There has been much recent media scrutiny into the departure of high-profile executives – from Barclays chief Bob Diamond to BBC Newsnight chief Peter Rippon. The back stories to those departures may be hugely different, but the issues each organisation faced in terms of filling the departing individuals’ shoes would have been much the same.
Despite the “domino effect” that can be created by the departure of a senior figure, fewer than one organisation in four runs a formal process for succession planning, according to a survey carried out last year by XpertHR. Those that do often operate a “names in boxes” approach of people who are “ready now” and “ready later”, but in the event of a sudden or unexpected departure this might not always select the right candidate.
The risks of not considering succession aren’t only financial either. Aside from the cost of drafting in recruiters to source a successor externally, there is also an impact on staff motivation and retention – as people feel there is no career trajectory for them in the company, so they become disengaged and leave.
Counting the cost
“The knock-on replacement cost can be huge,” says Julie Windsor, operations director for the UK and Benelux for talent management software provider Cezanne. “You need someone who can not only do the jo,b but will fit the culture of the organisation. You have the search fees, the time taken, the loss of productivity, replacing people who have gone with them and integrating the new person into the business.” And if that person leaves after several months because they are not the right fit, the organisation has to do it all over again.
“Companies might see [succession planning] as a cost right now because they’re struggling to keep on top of things, but it’s important to maintain engagement, commitment and motivation, which themselves have positive consequences for performance and profitability,” says Will Mitchell, director of consulting at talent management specialist a&dc.
Mitchell adds that one of the problems with traditional talent planning in organisations is that it focuses on treating people as “bricks” that move around or holes that need to be filled, rather than making the whole process more fluid.
“In an ideal culture, the CEO will recognise that all roles overlap to a certain extent, and there needs to be a mindset where managers develop the person below them, so they can do the same with the people beneath them,” he explains.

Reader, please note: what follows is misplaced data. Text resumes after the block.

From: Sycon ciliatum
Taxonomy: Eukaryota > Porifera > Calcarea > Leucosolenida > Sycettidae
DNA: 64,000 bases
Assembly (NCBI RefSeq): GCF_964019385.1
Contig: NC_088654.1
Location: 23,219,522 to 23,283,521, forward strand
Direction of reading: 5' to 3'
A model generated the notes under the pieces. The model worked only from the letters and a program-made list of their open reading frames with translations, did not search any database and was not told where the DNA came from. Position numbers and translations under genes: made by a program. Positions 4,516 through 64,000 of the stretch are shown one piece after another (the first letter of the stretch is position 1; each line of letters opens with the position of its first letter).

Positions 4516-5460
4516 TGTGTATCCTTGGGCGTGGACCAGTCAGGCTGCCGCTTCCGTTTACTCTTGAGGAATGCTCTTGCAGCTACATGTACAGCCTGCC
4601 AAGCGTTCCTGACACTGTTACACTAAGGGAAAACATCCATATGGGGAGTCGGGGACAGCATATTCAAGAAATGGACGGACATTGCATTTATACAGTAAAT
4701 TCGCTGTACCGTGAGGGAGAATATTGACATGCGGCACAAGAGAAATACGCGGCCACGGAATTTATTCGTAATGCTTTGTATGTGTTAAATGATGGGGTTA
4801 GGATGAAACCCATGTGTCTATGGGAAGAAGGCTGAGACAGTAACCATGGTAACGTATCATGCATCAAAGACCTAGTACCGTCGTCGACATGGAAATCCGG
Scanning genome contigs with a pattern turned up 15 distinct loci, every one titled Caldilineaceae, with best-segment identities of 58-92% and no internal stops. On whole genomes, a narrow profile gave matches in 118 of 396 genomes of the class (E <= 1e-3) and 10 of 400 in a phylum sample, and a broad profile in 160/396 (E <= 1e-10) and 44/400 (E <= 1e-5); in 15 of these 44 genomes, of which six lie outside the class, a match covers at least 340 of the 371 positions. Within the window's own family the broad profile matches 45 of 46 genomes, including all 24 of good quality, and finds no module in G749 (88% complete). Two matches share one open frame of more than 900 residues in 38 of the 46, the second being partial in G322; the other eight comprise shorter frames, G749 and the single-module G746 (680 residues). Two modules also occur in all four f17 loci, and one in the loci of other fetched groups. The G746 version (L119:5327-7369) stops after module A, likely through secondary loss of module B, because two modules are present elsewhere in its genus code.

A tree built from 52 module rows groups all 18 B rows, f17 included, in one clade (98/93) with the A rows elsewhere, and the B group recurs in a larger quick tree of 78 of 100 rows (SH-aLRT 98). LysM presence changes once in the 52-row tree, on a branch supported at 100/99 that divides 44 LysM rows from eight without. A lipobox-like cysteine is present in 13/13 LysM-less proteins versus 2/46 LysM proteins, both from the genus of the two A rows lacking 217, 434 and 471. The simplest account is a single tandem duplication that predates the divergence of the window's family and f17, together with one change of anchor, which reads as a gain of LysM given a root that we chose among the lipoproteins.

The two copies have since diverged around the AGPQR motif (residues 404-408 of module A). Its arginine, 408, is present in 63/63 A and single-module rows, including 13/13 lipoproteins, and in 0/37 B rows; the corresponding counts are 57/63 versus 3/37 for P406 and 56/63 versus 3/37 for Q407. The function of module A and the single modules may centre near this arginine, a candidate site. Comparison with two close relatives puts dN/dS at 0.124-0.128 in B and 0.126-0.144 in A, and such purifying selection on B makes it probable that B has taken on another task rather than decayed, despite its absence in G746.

Javier Carrasco, executive director of talent search solutions at RPO provider Ochre House, argues that managers need to focus on potential scenarios when considering their pipeline of people for roles: “A lot of succession planning sits in systems that are linked to HR systems, but that’s just an inventory tool, it’s not a ‘what if?’ Hiring managers need to ask ‘If we did this, what would happen?'”
Carrasco has recently been working with a client that is considering diversifying into a new area, and has identified marketing as a key department in this move. “[It has] identified four or five individuals internally for a couple of new roles they are creating, and have asked us to benchmark these individuals against external candidates. So when the final decision has been made, we’ll have several candidates and will have the talent in place. It means we save time and money on the hiring process,” he says.
How an organisation approaches succession planning will depend on its size and spread; large multi-national companies may need to run local talent identification programmes but centralise their overall staff inventory data, while more close-knit companies will be able to manage everything centrally. As a rule, the more people it covers the greater its complexity – but the benefits could be increased.
Identifying potential leaders
Many large companies cite their “top 200” as the focus of their succession planning efforts, but Mitchell believes that a wider culture of appreciating strengths and weaknesses provides a solid foundation for good succession planning. This can be done in a variety of ways, including psychometric testing, or 360-degree feedback.
“There’s no reason why anyone from the cleaner to the CEO can’t have clarity over where their strengths and weaknesses lie,” he says, adding that those that are made aware they have been earmarked as potential leaders also tend to be more engaged at work.
Recruitment company Randstad identifies potential leaders through a leadership development programme known as Best People. UK HR director Jos Schut explains: “We invest in high-quality people in order to achieve sustainability and profitable business growth. Whether at consultant or leadership level, we anticipate our future needs, identify future talent and remain committed to attracting high-calibre employees.”
Around 80% of all promotions at the company are made internally and a number of senior team members have been promoted to leadership positions in the last 12 months.
“When we hire people, we don’t just look at the position they are coming into, but also their career aspirations and long-term potential,” adds Schut.
In start-up or young companies, where people tend to experience more than one role early on and responsibilities are more fluid, successors tend to be able to hit the ground running more easily, argues Mitchell. “You tend to find more defined roles in traditional companies and the public sector, but role definition is becoming more outdated,” he says.
The most successful succession plans happen where organisations allow leaders to relinquish some control and allow staff to take risks, he adds: “There’s a fear of ‘If I let someone do some of my job, they’ll take my job’. Yet if someone is stuck doing the same thing every day, it’s a disincentive to stay.”
So, while succession planning may not be able to take the spotlight off high-profile departures, it can have a positive impact on how an organisation reacts to them.